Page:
When political rivals meet in the heat of battle we are normally treated to well staged lies and political stunts that seem so trivial. The Campaign pushes these notions to their absurd endpoint. Will Ferrell and Zach Galifianakis star as two battling politicians who are willing to put it all on the line just to call themselves one of the few in Congress. The Campaign is a not just a slap stick comedy but surprisingly it has a very astute message.
Cam Brady (Will Ferrell) is a seasoned political veteran, when he is forced to go head to head with Marty Huggins (Zach Galifianakis) his entire career is put in jeopardy. When we first me Cam he recites his favorite catch phrase over and over to himself, “America, Jesus, Freedom.” When asked why he says that, he responds, “I have no idea but people love that shit!” Right there I knew director Jay Roach had a little more of a clever approach than what we saw in the trailers. The movie basically banks on the notion that large money interest have massive influence over politics, both local and national. When Marty Huggins, a local tour guide, is asked to run against Brady by two wealthy brothers named Glen and Wade Motch (John Lithgow and Dan Aykroyd) he thinks he finally has hit big time. He is of course being manipulated by the brothers who share a clear comparison to Charles and David Koch. So hilarity ensues and we get baby punching, insane campaign ads, trash talk, and political rallies that were full of your cast of standard political characters. From the guy yelling about secret ties to China to discussions on whether a candidate believed in socialism in 2nd grade. While these concepts seem so silly they work more as an example of how far American politics have truly gone off the deep end.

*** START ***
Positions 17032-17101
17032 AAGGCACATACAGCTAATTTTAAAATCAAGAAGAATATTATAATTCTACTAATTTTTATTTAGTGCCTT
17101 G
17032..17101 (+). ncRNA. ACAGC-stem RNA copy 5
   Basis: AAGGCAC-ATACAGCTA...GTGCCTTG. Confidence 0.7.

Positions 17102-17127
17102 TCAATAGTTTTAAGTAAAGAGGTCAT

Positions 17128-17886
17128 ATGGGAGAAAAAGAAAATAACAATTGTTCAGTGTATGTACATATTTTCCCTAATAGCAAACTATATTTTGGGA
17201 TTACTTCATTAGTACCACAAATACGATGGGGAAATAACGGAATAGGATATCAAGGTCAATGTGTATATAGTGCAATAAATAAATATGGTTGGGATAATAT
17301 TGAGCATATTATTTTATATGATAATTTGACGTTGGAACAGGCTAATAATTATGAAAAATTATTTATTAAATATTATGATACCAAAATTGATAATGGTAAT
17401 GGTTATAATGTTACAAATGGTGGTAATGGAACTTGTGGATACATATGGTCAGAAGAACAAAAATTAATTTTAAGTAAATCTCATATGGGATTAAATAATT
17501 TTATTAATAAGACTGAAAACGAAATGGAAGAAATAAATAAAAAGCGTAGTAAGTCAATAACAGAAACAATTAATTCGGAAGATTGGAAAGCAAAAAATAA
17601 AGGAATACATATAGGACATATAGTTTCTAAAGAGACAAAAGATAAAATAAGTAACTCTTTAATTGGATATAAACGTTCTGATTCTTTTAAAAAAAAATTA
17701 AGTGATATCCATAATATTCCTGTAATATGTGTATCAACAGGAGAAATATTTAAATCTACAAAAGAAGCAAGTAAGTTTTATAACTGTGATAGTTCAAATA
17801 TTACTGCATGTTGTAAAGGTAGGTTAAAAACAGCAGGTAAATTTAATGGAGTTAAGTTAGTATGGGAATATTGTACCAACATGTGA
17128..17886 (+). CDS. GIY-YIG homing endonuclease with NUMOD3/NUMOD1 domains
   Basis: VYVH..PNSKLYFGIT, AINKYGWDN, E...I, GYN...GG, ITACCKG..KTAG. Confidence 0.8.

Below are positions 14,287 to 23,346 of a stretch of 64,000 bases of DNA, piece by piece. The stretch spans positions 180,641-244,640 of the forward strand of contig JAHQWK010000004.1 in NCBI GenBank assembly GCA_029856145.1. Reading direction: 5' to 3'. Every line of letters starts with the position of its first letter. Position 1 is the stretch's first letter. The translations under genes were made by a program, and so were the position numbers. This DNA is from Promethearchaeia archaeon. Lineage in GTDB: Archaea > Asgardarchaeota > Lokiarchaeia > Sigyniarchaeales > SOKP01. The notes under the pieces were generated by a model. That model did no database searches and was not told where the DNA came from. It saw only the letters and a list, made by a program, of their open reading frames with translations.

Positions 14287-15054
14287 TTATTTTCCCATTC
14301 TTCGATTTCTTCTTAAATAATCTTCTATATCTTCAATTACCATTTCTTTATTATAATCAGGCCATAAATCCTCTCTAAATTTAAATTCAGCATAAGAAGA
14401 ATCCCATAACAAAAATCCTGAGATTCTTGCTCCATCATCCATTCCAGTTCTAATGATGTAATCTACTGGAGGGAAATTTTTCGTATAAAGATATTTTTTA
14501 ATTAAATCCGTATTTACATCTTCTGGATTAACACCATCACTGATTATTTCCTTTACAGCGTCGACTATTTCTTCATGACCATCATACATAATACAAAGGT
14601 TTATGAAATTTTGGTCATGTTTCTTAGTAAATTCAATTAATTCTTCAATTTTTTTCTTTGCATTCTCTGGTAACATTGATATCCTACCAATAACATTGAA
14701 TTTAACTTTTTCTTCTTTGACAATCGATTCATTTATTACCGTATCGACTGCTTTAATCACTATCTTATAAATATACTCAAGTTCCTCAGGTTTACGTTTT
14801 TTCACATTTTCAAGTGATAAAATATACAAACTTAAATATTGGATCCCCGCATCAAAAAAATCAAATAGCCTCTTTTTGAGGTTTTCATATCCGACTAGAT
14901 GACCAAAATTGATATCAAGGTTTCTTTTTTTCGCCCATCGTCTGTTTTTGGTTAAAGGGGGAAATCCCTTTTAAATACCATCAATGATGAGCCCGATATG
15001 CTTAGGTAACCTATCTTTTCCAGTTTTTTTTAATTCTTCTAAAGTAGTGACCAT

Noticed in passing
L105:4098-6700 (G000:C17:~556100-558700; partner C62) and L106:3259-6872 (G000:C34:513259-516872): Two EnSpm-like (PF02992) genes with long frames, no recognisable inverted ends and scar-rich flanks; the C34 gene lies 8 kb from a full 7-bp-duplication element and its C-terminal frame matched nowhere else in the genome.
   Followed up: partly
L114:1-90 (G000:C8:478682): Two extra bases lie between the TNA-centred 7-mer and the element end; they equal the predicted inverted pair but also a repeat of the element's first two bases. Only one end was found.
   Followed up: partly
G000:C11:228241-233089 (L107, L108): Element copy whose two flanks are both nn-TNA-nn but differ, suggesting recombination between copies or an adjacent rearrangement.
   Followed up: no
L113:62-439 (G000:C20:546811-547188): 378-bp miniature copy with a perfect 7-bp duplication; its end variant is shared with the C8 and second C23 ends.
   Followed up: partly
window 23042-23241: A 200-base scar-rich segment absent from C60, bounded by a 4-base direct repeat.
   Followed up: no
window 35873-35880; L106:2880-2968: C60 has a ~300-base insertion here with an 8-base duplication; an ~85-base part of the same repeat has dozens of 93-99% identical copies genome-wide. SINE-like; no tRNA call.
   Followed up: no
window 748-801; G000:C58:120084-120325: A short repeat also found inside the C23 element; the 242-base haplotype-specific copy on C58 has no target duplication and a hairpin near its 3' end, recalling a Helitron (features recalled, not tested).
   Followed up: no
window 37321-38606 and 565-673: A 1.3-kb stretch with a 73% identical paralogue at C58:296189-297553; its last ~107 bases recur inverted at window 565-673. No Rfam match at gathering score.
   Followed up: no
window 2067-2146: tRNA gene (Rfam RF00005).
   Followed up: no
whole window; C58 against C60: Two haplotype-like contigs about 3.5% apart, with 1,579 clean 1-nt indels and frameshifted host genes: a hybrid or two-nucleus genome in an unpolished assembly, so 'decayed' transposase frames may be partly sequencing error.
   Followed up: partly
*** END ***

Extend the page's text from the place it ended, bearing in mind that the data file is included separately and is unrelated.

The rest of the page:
The first half of the movie was a standard raunchy comedy that we have come to expect these days. Kids saying hilariously rude things and people put into absurd and awkward situations, all run of the mill. I laughed continually throughout and the jokes were genuine unlike Ted, for example. The second half pivots and examines what politics have become and how they are influenced. While the jokes are still there you can tell Roach wanted to make a sticking point for the audiences. He was aiming for that drive home conversation after watching The Campaign. The laughs and punches were just to get you in the door, and it worked beautifully. The pivot isn’t so outrageous that people will be off put by it, but it’s certainly obvious. The movie never gets to preachy either, just lays out its message for even the lay to understand.
All in all, the acting was serviceable and there were no huge standout performances. However, what we did get was a movie that was trying to entertain and educate us. There aren’t enough movies like it so for that I am grateful. The Campaign is a genuinely funny movie, and you will come out of it happy you spent the money. While not as strong as 21 Jump Street, The Campaign takes its rightful seat in second place for comedies this year.
We will talk spoilers and more details on this week upcoming episode of The Nerdpocalypse podcast
image via collider.com